The answer will depend on the quality of mix you desire. If you want something of professional quality then you won't be able to achieve that on your own in short amount of time. Not unless you are being mentored by a professional for a couple years. Also, even if you are taught all the mixing tricks, it still takes a long time to be able to psychologically hear what a mix needs. Training your ear to hear when something needs to be compressed, and when you've fixed it, is extremely difficult. Same thing for EQ.

If you just want it to not be terrible, you could spend some time learning about it and be able to put something out that isn't completely terrible. My gut says you won't be satisfied with what you can achieve if you don't put years into learning how to mix.

I would say go on forums like this and find people who are solely focused on mixing, and are learning how to be better. They are always looking for projects to practice on. Chances are they are at least much better than you, and you can get something done for free. Otherwise just go on SoundBetter and find yourself a pro. You can get a good mix for s reasonable price there.
 

Zacobe

Obe1Cannoli
lVirtually ALL major label mixes are done 100% or possibly 99.5% in the box.

This is nonsense, and you couldn't possibly know this for a fact anyway. Nobody has done a study on all mixing engineers working for major record labels to see what gear they're using.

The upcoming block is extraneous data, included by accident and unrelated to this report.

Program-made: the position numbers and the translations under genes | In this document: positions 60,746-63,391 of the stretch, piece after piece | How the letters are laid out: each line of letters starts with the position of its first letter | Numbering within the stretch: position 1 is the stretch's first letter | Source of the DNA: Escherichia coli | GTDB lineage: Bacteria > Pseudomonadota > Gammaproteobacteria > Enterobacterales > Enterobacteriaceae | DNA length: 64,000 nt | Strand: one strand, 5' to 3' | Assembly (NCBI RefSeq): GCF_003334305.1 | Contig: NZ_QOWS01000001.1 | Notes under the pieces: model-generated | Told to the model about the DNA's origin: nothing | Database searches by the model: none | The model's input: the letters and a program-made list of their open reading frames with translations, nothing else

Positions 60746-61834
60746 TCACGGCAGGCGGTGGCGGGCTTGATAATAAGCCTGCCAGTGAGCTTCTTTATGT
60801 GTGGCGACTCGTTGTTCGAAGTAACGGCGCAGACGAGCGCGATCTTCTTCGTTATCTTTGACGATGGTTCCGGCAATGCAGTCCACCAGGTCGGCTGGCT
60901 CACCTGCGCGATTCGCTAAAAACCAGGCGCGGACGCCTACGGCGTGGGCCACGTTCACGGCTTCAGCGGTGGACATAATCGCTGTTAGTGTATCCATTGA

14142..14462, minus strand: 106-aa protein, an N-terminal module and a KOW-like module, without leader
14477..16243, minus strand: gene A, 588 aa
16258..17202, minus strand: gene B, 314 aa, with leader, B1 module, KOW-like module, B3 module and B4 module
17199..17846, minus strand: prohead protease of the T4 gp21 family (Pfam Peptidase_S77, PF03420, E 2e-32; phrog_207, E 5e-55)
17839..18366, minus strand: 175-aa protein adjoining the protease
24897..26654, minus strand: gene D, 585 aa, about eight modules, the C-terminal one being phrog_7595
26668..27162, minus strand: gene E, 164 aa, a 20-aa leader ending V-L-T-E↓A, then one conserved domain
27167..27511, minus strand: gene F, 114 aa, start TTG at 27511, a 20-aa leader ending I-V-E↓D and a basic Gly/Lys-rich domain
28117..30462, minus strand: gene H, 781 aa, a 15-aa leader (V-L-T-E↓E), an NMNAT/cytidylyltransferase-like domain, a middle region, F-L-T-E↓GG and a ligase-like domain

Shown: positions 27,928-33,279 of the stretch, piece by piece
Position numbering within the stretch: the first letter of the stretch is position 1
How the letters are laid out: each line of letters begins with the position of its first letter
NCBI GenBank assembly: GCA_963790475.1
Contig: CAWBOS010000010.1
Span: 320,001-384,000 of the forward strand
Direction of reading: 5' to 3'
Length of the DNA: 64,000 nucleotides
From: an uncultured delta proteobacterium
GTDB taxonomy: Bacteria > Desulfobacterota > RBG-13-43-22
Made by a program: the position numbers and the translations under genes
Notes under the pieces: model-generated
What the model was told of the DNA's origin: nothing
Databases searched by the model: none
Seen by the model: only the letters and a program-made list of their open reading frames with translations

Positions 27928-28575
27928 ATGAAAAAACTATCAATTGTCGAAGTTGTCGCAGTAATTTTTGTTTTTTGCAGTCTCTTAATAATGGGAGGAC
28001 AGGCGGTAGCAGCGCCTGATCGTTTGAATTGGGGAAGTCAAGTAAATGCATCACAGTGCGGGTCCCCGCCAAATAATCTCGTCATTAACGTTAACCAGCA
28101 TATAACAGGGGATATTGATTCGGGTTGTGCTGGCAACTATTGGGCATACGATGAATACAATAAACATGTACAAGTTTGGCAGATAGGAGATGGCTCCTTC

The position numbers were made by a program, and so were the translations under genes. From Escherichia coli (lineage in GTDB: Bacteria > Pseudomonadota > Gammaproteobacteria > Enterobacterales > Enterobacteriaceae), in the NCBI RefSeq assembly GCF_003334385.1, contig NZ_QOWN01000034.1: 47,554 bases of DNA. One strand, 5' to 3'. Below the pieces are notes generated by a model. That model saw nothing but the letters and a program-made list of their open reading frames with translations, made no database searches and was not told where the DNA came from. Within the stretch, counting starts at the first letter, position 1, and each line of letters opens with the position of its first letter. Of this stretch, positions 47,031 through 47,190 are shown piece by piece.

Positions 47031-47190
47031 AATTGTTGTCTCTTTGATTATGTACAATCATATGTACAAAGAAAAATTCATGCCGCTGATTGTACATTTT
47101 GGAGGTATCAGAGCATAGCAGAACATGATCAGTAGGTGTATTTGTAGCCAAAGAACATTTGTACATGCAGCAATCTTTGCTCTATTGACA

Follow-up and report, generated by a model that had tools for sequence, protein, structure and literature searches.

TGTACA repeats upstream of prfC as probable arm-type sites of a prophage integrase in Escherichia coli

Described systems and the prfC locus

Every major label has nice studios with big SSL boards and analog gear, and they are definitely using them. I think mid-level engineers (not working for major labels) are more likely to be in the box for efficiency and cost savings. But there even tons of mid level engineers with home studios full of analog gear.

Concerning the original point, there may be a correlation between analog gear and price, but there certainly are people out there that will mix for a reasonable price with analog gear. However don't get trapped into this thought that analog mixes are better than in the box, it's just not true. Most people wouldn't be able tell the difference between an analog mix and a digital mix. Skill is what makes a good mix.
 

junyadrin

Member
Hi


I am a songwriter/composer/arranger. This is what I love doing, I make extensive use of music technology in order to do this and I am adept at doing so. However I find mixing and mastering a real chore, to the point where it really kills my ability to produce a finished track (this is in the context of holding down a full time job) and my desire to go into my home studio.


I have decided to start to use other people to mix and master my songs. In my situation it is worth paying other people rather than devoting time and expense into learning this art (which i really do not want to do). I also think having another person's perspective on my track is incredibly helpful. I am also very keen to start finishing and releasing my music.


What are people's experiences of using other people to mix and master their songs? How much should I expect to pay? Has anybody else felt the way I do and what did you do about it?


Thanks in advance,


Paul
i will mix and master a song or two for free to see if you like it. i have some new gear i want to test out. i enjoy all types of music